# Verifying Gauss divergence theorem

The question says that:

If $$\vec{F}=(2x^2-3z)\vec{i}-2xy\vec{j}-4x\vec{k}$$, we are supposed to calculate $$\iiint \operatorname{div} \vec{F}\, dV$$, where $$V$$ is the closed region bounded by the planes $$S_1: x=0, S_2: y=0, S_3: z=0$$ and $$S_4: 2x+2y+z=4$$. It suggests the use of Gauss Divergence theorem here, which states: $$\iint_S \vec{F}\, \vec{dS} = \iiint_V \operatorname{div} \vec{F}\, dV$$ The volume integral is easy to calculate, and it reduces to the volume of the tetrahedron: $$\iiint 2x dV=\frac{8}{3}$$

I am trying to verify whether the flux enclosed by the given region in the first octant is the same as above. $$\iint_S \vec{F}\, \vec{dS}=\iint_{S_1} \vec{F}\, \vec{dS}+\iint_{S_2} \vec{F}\, \vec{dS}+\iint_{S_3} \vec{F}\, \vec{dS}+\iint_{S_4} \vec{F}\, \vec{dS}=16+0+\frac{16}{3}-\frac{56}{3} = \frac{8}{3}$$ I am unsure about the flux calculation, especially through $$S_4$$. Kindly help me out in verifying, I am self-learning this topic and have been stuck for long in this question. Thanks in advance.

EDIT 1: $$\iint_{S_4} \vec{F}\, \vec{dS}= \iint_{2x+2y+z=4} \vec{F}.\vec{n_4} dS$$ where $$\vec{n_4}$$ is the unit normal vector on $$S_4$$ along $$\nabla{2x+2y+z}$$ which is: $$\frac{2}{3}\vec{i}+\frac{2}{3}\vec{j}+\frac{1}{3}\vec{k}$$.

So, $$\iint_{S_4} \vec{F}\, \vec{dS}=\frac{1}{3} \iint_{2x+2y+z=4} (4x^2-6z-4xy-4x) dS$$

Now, I took the orthogonal projection of the surface $$S_4$$ on the $$xy$$ plane to calculate it; so the surface element was substituted as: $$dS |{\vec{n_4}.\vec{k}}|=dx.dy$$ in the integral and on further solving, I got the expression:

$$\iint_{0 \le x \le 2, 0 \le y \le (2-x)} 4(x^2-xy+2x+3y-6) dx dy = \frac{-56}{3}$$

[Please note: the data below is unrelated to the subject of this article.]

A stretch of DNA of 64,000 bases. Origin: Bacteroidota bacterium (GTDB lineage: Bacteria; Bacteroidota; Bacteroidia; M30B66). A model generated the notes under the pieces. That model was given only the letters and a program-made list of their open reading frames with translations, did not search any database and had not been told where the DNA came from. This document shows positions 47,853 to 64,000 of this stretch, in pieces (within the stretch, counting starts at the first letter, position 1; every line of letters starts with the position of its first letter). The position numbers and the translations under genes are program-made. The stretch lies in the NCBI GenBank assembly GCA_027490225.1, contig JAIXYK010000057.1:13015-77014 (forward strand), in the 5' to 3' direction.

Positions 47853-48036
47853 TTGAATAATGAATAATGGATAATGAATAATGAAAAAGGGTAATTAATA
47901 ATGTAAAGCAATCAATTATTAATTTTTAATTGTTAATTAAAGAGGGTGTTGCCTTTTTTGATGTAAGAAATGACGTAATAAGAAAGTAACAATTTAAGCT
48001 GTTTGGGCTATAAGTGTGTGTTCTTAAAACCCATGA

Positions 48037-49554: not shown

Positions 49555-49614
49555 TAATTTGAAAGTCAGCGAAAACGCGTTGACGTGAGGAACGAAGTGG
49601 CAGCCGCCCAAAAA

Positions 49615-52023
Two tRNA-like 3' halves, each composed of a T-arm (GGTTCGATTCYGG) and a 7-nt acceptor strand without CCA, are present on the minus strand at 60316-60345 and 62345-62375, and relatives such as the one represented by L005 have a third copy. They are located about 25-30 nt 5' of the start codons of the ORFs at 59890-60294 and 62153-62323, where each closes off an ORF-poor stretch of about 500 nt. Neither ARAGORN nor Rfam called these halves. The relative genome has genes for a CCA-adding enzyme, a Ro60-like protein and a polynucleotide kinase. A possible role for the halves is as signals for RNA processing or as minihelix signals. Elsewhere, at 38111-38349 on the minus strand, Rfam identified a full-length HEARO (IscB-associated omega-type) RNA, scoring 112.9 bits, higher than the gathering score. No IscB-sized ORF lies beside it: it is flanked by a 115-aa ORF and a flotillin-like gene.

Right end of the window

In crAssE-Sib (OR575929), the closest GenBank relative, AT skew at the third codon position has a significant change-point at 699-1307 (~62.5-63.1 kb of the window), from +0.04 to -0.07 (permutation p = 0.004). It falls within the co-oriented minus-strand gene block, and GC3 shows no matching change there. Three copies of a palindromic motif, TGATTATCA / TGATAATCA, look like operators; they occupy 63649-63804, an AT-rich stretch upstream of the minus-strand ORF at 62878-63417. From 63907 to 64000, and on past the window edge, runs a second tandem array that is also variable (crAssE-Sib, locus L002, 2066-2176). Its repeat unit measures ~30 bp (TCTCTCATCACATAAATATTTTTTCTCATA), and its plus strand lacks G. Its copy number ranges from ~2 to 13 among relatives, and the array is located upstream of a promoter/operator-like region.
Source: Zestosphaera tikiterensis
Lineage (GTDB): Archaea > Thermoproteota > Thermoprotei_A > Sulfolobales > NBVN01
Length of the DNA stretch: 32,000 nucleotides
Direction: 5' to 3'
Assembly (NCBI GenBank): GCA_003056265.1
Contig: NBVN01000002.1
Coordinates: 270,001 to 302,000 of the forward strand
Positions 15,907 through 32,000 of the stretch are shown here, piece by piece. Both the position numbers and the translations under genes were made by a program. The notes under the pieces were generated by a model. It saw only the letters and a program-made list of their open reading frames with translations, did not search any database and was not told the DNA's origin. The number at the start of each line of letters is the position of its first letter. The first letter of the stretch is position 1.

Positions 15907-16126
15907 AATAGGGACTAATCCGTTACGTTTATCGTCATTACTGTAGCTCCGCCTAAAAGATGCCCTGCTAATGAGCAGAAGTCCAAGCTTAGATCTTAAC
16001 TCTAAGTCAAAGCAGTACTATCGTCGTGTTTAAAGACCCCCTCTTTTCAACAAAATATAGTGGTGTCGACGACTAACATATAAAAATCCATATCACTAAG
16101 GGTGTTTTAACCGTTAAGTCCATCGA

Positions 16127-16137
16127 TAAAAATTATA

EDIT 2: I rechecked my calculation, as per the suggestion of the valuable comment and got my mistake in claculating $$S_1$$. Here $$x=0$$ and $$\vec{n_1}=\vec{-i}$$. Accordingly,

$$\iint_{S_1} \vec{F}\, \vec{dS} = \iint_{0 \le y \le 2,\ 0 \le z \le (4-2y)} 3z \ dz dy = 16$$

Kindly suggest if the calculation is okay, and if it can be done otherwise. Thanks!

• Can you add some more details as to how you evaluated each integral? Describing general steps would suffice. I'm getting a non-zero value for $S_1$. Commented Nov 8, 2023 at 22:36
• What are your unit normals on $S_1,S_2,S_3$? I do not understand your $dS \mod \vec n\cdot\vec k = dx\,dy$. Commented Nov 8, 2023 at 22:52
• @user170231 I got my mistake, please have a look. Thanks for suggesting!
– S.S
Commented Nov 8, 2023 at 23:20
• No, you yourself said that on $S_1$ we have $\vec n = -\vec i$. Commented Nov 8, 2023 at 23:27
• Looks good to me. Since you mentioned you're self-learning and wrote "if it can be done otherwise", are you also looking for other solutions? If so, you might find this post helpful. Commented Nov 9, 2023 at 17:12